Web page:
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Murphy says mobile sensor data will allow adaptive interventions for maximizing healthy outcomes

Frey comments on why sunbelt metro area economies are still struggling

Krause says having religious friends leads to gratitude, which is associated with better health

Highlights

PSC Fall 2014 Newsletter now available

Martha Bailey and Nicolas Duquette win Cole Prize for article on War on Poverty

Michigan's graduate sociology program tied for 4th with Stanford in USN&WR rankings

Jeff Morenoff makes Reuters' Highly Cited Researchers list for 2014

Next Brown Bag

Monday, Nov 3
Melvin Stephens

Shahida Nurullah

Shahida Nurullah

Jazz and Detroit:
The City and Its African-American Music Heritage.

An Institute for Social Research MLK 2002 Event

Sociologist Lars Bjorn and veteran Michigan jazz commentator Jim Gallert presented a multi-media presentation on the contributions of Detroit artists to the development of jazz in America preceeding a performance by the George Benson Quintet, with vocals by Shahida Nurullah. Jan. 29, 2002 at the Bird of Paradise Club, Ann Arbor, in celebration of the life and legacy of Martin Luther King Jr.

Lars Bjorn

Lars Bjorn

U-M-Dearborn sociologist Lars Bjorn and veteran Michigan jazz commentator Jim Gallert opened the event with a brief multi-media presentation on the contributions of Detroit artists to the development of jazz in America. Bjorn and Gallert co-authored "Before Motown: A History of Jazz in Detroit, 1920-1960," published by U-M Press in 2001.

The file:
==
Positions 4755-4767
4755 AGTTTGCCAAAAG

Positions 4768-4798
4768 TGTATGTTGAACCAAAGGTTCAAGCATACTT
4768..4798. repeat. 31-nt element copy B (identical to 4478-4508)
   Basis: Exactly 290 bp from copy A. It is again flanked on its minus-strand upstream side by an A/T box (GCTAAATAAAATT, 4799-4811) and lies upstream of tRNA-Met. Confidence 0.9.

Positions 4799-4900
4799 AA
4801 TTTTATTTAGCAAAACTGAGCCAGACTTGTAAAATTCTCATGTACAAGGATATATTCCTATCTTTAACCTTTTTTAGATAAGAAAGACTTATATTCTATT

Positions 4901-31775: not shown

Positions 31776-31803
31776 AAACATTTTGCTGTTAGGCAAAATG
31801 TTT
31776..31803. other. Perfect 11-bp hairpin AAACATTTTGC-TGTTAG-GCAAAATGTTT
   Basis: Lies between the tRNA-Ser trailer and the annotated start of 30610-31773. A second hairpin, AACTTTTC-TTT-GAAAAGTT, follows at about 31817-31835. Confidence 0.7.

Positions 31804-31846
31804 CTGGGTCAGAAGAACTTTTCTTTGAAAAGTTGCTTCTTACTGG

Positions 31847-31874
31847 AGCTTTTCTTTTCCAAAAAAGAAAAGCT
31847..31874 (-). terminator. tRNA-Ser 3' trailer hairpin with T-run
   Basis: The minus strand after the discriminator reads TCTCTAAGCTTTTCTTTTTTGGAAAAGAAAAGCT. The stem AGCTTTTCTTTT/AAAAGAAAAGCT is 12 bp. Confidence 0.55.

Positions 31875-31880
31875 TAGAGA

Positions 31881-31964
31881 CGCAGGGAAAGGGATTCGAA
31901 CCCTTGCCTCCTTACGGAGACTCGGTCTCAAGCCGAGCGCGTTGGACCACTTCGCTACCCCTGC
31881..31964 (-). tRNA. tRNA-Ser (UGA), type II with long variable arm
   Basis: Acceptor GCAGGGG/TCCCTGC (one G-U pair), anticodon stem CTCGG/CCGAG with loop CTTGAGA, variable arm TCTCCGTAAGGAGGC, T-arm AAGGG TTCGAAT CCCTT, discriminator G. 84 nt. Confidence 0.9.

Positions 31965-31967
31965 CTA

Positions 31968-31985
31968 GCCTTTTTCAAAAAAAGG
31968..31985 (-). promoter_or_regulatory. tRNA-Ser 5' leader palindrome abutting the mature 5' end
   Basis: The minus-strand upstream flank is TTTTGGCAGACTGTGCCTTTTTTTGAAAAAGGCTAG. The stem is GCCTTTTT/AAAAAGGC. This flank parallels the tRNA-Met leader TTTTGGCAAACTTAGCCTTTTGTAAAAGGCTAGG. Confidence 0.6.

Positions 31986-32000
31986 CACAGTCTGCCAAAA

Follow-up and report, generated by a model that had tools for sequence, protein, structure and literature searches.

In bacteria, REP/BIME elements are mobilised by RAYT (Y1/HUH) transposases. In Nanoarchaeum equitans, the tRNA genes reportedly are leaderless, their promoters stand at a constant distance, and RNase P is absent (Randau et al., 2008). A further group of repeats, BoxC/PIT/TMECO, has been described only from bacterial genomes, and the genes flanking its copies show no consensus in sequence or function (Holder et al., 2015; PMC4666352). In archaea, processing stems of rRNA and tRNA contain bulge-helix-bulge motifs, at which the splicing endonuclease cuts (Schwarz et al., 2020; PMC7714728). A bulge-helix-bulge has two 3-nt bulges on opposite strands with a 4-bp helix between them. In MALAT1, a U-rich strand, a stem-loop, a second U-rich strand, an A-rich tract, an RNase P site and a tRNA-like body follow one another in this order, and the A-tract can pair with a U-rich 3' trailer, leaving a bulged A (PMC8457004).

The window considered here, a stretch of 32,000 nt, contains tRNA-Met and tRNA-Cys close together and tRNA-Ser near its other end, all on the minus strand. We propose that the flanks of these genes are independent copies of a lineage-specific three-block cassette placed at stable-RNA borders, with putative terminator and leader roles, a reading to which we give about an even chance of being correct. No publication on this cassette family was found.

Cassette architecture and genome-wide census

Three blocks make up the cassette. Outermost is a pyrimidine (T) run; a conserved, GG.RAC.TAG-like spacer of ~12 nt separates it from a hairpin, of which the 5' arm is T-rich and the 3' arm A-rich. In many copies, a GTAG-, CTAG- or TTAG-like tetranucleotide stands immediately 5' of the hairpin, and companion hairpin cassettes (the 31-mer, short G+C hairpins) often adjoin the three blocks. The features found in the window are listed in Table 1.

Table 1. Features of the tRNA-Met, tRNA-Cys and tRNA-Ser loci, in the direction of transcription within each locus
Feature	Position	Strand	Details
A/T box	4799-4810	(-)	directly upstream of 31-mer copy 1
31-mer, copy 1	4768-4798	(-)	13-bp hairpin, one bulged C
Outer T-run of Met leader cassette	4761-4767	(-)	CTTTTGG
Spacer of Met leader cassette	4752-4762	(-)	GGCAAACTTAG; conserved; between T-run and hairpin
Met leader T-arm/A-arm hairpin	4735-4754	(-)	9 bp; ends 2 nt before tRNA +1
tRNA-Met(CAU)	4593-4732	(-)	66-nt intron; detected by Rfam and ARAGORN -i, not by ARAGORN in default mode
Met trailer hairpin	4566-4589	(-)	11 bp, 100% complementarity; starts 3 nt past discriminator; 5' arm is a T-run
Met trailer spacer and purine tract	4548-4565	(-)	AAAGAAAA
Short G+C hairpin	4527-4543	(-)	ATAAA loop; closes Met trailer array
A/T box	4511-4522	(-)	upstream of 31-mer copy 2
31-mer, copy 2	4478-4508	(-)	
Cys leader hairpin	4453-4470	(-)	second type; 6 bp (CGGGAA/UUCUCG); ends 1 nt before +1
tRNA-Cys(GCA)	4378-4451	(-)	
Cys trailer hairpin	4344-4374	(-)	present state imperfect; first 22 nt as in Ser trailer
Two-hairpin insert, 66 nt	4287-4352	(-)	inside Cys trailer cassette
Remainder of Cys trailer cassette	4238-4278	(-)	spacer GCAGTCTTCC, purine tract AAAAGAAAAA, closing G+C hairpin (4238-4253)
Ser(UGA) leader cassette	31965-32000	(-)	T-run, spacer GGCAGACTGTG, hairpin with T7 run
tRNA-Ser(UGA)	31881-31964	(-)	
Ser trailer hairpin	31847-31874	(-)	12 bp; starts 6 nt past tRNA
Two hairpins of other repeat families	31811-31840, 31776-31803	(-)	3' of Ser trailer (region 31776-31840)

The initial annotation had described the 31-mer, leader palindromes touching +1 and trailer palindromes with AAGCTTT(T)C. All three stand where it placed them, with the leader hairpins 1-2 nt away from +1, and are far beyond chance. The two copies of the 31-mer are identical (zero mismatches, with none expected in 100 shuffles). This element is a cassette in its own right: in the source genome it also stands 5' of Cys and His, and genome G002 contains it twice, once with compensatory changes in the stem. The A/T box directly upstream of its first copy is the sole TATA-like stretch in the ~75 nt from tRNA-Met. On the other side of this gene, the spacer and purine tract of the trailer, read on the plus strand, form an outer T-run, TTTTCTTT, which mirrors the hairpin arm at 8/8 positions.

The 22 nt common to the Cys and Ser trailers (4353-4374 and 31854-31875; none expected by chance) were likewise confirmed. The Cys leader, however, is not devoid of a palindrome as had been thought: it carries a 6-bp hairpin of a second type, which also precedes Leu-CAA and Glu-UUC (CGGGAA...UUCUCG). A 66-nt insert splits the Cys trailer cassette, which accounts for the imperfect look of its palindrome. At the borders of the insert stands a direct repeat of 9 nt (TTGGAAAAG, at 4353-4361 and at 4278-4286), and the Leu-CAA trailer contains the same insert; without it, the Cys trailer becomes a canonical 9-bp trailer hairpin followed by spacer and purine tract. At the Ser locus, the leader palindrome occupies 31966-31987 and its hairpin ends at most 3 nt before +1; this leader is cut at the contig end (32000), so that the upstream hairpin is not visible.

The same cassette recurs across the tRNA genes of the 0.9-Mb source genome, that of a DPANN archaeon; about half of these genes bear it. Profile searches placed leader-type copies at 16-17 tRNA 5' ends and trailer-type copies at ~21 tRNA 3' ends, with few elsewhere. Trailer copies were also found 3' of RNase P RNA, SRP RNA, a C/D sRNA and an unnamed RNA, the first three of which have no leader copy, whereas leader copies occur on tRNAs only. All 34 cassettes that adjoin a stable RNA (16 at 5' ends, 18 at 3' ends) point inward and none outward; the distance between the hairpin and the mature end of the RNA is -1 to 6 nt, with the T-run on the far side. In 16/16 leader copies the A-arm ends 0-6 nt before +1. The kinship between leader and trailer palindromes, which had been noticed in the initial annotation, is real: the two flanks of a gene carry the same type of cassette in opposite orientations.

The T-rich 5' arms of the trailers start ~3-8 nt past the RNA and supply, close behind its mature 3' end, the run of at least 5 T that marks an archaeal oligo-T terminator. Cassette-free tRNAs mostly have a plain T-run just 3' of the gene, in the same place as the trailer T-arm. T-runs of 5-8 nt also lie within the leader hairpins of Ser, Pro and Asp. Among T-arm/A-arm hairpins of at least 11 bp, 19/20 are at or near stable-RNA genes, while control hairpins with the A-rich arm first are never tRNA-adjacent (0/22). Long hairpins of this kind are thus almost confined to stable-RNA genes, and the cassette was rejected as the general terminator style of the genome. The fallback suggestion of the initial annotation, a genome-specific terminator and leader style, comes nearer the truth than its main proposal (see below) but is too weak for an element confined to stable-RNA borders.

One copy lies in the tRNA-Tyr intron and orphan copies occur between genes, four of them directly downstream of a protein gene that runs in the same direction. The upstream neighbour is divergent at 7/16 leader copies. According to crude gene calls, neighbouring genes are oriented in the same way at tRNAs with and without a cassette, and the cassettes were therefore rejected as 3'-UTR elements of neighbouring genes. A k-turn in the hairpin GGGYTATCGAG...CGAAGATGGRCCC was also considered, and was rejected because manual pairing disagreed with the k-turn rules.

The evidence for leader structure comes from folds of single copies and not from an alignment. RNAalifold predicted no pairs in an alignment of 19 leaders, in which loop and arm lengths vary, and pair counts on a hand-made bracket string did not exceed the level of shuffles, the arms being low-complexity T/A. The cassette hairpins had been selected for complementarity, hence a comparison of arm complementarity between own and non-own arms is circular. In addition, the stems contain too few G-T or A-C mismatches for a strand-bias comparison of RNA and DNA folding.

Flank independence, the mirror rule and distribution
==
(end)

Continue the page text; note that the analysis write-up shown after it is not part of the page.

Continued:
The George Benson Quintet, with George Benson on tenor saxophone, Dwight Adams on trumpet, Tad Weed on piano, Will Austin on bass, and George Davidson on drums, along with vocalist Shahida Nurullah, performed two sets that illustrated some of the jazz styles originating in Detroit - styles that exerted a considerable influence on the Motown sounds of the Temptations, the Supremes, and the Four Tops.

George Benson Quintet

George Benson Quintet

"Before Motown is the first book about the history of jazz in Detroit. It shows the significant impact Detroit has had on the development of jazz in America, with its own sound, distinct from that of the other jazz centers of Chicago, New Orleans, St. Louis, or Kansas City. Starting with the big bands in the 1920s,with groups like the McKinney's Cotton Pickers and Jean Goldkette's Orchestra, and continuing into the 1950s, Detroit experienced a golden age of modern jazz centered around clubs like the Blue Bird Inn. That jazz scene comes alive in interviews with musicians and club owners, combined with unique period photographs and advertisements. In addition, Detroit's vital jazz scene is placed in its social context, particularly within the changing relations between blacks and whites at the time." -from the UM Press Catalog.

Jim Gallert

Shahida Nurullah

Shahida Nurullah

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